Olaf is a particularly interesting character. He says Elsa made him so he knows how to find her. It appears that Olaf is the part of Elsa that she split off in her rage, shame and despair. He is the part of her that was innocent, loving, playful, joyful, funny and could handle stress with grace and equanimity. So long as the world is frozen, Olaf can exist on his own. When the world starts to thaw, Olaf begins to melt. Instead of letting him melt away she creates his own personal flurry to keep him alive and part of her life. He says, “Some people are worth melting for”. But she doesn’t allow Olaf to melt so she can keep the part of her that can experience love and joy alive, always.

Elsa’s healing comes about when she learns she is loved and will not be abandoned. Most importantly, she also learns to accept herself as she is, all the good and the bad. When she learns that she is loved and won’t be abandoned she becomes unfrozen and allows her healing to warm the world up and reverse the harm she has wrought. She allows love and joy back in to her life. She learns to manage her destructive impulses so she can handle them adaptively rather than lashing out when triggered by strong emotions. Elsa learns there is a place in the world for her. She is not so damaged, different or evil that the world is better off without her.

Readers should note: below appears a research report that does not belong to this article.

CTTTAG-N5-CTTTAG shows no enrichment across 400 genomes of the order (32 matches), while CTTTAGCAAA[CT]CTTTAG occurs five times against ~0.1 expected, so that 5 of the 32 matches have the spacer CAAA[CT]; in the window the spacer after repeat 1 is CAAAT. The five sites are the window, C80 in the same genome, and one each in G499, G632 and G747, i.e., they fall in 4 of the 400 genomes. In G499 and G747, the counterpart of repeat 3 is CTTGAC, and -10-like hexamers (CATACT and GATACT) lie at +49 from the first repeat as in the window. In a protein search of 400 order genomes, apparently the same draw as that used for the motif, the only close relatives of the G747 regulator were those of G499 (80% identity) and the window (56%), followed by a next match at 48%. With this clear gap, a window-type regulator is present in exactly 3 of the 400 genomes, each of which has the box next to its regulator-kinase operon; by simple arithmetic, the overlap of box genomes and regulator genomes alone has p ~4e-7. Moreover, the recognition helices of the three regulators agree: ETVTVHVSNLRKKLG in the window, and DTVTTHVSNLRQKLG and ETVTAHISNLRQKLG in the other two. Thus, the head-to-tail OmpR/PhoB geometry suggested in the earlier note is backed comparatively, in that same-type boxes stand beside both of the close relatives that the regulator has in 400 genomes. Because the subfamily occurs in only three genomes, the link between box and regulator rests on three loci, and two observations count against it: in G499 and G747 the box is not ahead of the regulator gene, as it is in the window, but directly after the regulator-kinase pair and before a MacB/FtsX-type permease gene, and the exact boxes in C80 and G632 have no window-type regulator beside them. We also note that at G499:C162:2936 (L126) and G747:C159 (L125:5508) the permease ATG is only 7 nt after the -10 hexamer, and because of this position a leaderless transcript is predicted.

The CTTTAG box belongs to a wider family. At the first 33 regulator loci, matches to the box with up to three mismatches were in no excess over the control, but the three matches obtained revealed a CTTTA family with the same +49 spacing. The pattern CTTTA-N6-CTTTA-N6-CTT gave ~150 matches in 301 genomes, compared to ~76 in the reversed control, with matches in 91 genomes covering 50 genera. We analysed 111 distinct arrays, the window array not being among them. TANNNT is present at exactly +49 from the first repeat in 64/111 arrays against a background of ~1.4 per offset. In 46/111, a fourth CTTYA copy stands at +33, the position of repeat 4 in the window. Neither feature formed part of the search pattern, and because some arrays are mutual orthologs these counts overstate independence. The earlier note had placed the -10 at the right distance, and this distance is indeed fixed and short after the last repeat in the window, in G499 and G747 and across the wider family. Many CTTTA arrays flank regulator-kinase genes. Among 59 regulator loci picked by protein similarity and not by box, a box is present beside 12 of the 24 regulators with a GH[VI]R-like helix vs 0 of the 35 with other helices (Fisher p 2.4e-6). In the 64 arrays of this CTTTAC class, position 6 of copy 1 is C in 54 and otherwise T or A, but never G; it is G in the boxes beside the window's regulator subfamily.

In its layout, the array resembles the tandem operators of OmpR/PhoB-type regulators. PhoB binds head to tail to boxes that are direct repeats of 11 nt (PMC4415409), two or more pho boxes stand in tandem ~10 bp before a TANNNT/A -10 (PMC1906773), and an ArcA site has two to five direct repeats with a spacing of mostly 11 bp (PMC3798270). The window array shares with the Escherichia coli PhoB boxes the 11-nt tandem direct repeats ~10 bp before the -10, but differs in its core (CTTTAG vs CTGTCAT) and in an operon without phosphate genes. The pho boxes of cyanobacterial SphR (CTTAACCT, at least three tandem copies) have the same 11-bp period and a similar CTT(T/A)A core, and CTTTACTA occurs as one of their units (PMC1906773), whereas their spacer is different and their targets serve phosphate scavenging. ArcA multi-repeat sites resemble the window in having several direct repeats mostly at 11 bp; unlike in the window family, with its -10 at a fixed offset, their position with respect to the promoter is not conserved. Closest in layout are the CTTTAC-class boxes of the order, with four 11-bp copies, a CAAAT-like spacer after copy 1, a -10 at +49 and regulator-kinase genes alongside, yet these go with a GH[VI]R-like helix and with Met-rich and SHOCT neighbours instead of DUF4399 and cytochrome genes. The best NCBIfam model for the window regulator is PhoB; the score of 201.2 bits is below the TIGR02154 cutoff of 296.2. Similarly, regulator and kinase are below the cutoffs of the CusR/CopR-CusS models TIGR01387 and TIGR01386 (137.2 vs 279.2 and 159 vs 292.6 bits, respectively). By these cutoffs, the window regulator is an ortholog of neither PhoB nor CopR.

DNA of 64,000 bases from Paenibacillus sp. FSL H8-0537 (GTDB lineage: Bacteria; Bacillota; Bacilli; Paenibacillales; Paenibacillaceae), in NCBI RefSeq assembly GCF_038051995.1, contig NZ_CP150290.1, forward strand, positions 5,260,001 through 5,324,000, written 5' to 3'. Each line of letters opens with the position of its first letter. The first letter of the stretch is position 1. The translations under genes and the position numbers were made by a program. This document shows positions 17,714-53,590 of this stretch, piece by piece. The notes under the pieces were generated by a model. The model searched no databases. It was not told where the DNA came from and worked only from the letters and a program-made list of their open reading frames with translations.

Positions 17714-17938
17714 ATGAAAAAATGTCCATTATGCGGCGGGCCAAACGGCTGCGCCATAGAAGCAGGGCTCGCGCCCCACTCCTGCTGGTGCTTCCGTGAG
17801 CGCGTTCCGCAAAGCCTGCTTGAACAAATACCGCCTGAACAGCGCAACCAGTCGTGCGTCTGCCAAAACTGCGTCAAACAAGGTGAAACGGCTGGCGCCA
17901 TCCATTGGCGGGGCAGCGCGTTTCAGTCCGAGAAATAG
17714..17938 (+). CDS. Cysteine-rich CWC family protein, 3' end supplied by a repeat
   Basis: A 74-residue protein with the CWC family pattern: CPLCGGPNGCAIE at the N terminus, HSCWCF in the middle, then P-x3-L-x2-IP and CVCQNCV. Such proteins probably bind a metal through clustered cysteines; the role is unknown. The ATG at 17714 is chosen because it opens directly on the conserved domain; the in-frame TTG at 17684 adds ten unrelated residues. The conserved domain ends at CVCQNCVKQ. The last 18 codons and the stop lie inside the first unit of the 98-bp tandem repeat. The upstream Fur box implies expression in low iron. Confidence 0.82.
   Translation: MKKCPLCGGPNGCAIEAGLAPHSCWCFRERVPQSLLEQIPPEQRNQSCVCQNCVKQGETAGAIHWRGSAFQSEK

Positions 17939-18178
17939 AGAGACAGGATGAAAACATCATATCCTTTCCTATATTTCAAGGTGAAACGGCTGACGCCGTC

With love and support from those who care about her, Elsa saves herself and her kingdom. While her sister can enjoy romantic love and unfettered happiness, Elsa is still reserved. Romantic love is not yet in the cards for her. She still has to reconnect and rebuild herself. She must learn to manage her self and perhaps even learn that what she sees as a curse can also be a strength. She still has work to do. But her healing has begun. There is hope.

Read More About Mental Health Blog Day

I will be giving a TED talk on the changing face of friendship this winter. I would appreciate your help with my TED talk by clicking on the link below and completing my short survey.:

Check back for future blogs where I will be exploring the topic of friendship further and sharing the results of my survey.

Saturday, April 26, 2014